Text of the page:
I saw this great tweet (fairly) recently:
I thought this was such a great explanation of when to submit your paper.
It reminded me of a diagram that I sketched out when talking to a student in my lab about a paper we were writing. I was trying to explain why we don’t exaggerate our findings. And conversely why we don’t undersell our results either. I replotted it below:
Getting out to review is a major hurdle to publishing a paper. Therefore, convincing the Editor that you have found out something amazing is the first task. This is counterbalanced by peer review, which scrutinises the claims made in a paper for their experimental support. So, exaggerated claims might get you over the first hurdle, but it will give you problems during peer review (and afterwards if the paper makes it to print). Conversely, underselling or not interpreting all your data fully is a different problem. It’s unlikely to impress the Editor as it can make your paper seem “too specialised”, although if it made it to the hands of your peers they would probably like it! Obviously at either end of the spectrum no-one likes a dull/boring/incremental paper and everyone can smell a rat if the claims are completely overblown, e.g. genome sequence of Sasquatch.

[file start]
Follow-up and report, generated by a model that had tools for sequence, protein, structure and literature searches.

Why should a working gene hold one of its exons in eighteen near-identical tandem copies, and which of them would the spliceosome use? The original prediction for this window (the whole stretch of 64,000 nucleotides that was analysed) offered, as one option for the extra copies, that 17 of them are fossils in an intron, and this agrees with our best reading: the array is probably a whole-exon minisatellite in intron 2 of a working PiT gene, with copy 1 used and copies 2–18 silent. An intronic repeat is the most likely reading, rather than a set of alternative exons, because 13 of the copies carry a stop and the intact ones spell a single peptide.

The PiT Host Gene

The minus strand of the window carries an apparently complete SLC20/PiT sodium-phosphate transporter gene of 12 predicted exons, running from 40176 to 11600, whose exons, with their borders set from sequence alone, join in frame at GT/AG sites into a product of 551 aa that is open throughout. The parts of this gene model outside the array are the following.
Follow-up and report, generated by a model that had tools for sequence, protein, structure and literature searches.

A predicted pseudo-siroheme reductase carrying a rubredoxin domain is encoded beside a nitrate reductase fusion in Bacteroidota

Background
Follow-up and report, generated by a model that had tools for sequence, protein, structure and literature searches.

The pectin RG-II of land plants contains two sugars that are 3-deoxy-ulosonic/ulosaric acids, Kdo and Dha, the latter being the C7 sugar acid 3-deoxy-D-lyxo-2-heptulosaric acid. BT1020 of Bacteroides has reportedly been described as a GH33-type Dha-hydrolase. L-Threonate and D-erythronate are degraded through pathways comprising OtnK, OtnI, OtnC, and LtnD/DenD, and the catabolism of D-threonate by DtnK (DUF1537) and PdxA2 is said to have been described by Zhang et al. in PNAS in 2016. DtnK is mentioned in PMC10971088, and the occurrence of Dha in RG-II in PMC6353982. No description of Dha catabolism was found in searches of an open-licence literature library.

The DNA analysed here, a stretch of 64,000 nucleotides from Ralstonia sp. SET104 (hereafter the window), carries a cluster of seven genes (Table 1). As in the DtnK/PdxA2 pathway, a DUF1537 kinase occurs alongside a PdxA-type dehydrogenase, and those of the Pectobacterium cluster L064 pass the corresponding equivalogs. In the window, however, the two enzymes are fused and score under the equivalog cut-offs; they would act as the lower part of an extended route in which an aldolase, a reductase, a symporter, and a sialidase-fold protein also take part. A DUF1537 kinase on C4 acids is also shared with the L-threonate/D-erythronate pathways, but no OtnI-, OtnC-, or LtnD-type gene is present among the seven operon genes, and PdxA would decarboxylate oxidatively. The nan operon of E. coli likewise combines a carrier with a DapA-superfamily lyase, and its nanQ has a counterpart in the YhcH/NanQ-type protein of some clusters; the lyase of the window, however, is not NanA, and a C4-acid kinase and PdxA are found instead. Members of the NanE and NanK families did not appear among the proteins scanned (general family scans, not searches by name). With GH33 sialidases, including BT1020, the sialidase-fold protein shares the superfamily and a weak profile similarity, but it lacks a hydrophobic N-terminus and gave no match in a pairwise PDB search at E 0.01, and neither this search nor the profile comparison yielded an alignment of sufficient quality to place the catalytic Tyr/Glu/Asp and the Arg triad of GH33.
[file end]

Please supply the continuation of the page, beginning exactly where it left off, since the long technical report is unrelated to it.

So this is why we try to interpret our results fully but are careful not to exaggerate our claims. It might not get us out to review every time, but at least we can sleep at night.
I don’t know if this is a fair representation. Certainly depending on the journal the scale of the y-axis needs to change!
The post title is taken from “Middle of the Road” by Teenage Fanclub a B-side from their single “I Don’t Want Control of You”.